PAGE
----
Acting Out in Detention: Using the Arts to Connect Young People

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March 18, 2015; Daily Herald (Provo, UT)

What can be more powerful than the expression of true feeling and life experience in a public setting? This is exactly the mission of the @ct Risk No More theater group in Utah, which creates and performs original works written by children in juvenile detention centers.

Recently, @ct Risk No More performed a production titled “Behind These Walls,” which focuses on the stories of juveniles from the Slate Canyon Youth Center in Provo, Utah, and Salt Lake Valley Detention Center. The performance covers a range of topics including teen pregnancy, abandonment, and violence issues. Once the theater group becomes more established, it will expand to have performances in rehabilitation centers, group homes, and high schools to continue to spread the messages from youth peers on the trials and tribulations of life.

This theater group serves as a resource, outlet, and community service project connecting juveniles inside and outside of detention centers, uniting a typically segregated community.

“I really believe if you’re a rebel, you’re an artist,” said Heidi Mendez Harrison, the nonprofit’s founder and show’s director. “All of these kids [in detention centers] have artistic potential. I started the theater company so when they get out of the system, rehab or foster care they have an artistic place to go.”

Using art for therapeutic or social service reasons is just one of the many impacts of arts and culture on our communities. Over the years, it has been observed that arts and culture not only make us “feel good,” but serve as economic drivers, as educational platforms, and as support systems for social issues. They impact the way regions are developed and shaped through place-making initiatives. A great example of the social impact of art and culture is the way in which the medical profession uses the arts for patients in a myriad of healthcare stages for periods of development, advancement, and transition.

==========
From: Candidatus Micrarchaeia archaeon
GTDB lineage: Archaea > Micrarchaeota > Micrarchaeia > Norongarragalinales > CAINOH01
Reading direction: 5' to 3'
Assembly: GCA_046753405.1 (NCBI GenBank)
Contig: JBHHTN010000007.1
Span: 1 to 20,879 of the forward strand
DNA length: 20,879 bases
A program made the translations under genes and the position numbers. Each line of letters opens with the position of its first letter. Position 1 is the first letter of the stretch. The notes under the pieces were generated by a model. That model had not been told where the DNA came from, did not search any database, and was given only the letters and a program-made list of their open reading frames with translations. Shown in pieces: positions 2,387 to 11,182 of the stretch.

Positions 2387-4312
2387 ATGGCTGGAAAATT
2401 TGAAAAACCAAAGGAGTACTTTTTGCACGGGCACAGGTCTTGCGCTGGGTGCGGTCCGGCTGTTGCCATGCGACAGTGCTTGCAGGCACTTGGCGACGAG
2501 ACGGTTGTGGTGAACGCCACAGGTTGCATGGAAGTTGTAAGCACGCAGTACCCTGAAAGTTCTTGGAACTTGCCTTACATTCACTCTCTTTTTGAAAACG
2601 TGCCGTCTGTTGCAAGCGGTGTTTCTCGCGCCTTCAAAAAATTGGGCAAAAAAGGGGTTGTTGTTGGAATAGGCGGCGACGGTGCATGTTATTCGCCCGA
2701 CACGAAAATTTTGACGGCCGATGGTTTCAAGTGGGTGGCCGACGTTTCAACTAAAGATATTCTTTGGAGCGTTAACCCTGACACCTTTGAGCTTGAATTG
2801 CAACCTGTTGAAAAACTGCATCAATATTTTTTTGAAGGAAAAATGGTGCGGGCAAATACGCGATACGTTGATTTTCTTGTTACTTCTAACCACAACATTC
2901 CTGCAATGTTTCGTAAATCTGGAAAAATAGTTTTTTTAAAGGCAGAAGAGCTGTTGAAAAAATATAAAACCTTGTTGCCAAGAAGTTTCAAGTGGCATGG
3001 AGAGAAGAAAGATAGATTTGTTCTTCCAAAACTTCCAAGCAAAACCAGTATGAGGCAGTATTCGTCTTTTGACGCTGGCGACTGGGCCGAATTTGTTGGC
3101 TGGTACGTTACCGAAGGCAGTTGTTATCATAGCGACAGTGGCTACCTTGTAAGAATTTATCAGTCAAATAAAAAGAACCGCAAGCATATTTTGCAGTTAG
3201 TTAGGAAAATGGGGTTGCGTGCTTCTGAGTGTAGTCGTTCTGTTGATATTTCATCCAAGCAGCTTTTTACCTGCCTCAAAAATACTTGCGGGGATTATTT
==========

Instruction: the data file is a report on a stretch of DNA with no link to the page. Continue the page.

More specifically, the arts have been used in other social programs like detention centers and other community-based institutions. For example, the Americans for the Arts YouthARTS program identified that statistical data was needed at a time when only youth art program “success stories” existed to prove its profound impact. The program’s mission is to continually tell the story (through anecdotal and hard-data) of the impact of arts programming on at-risk youth. Through several years of research, YouthArts found that arts programs can have a real impact on youth. Not only can such programs enhance young peoples’ attitudes about themselves and their futures, but the programs also can increase academic achievement and decrease delinquent behavior. (A follow-up evaluation is being conducted to determine if the programs have a lasting impact on youth participants.)

@ct Risk No More is just one example of how the arts sector in the United States crosses over into the social-community sector for a greater cause. Overall, arts and culture have a profound impact on our values. Not only can the arts be experienced and enjoyed for leisure, but they continue to be tools and resources to make major societal advances in our communities.—Jennifer Swan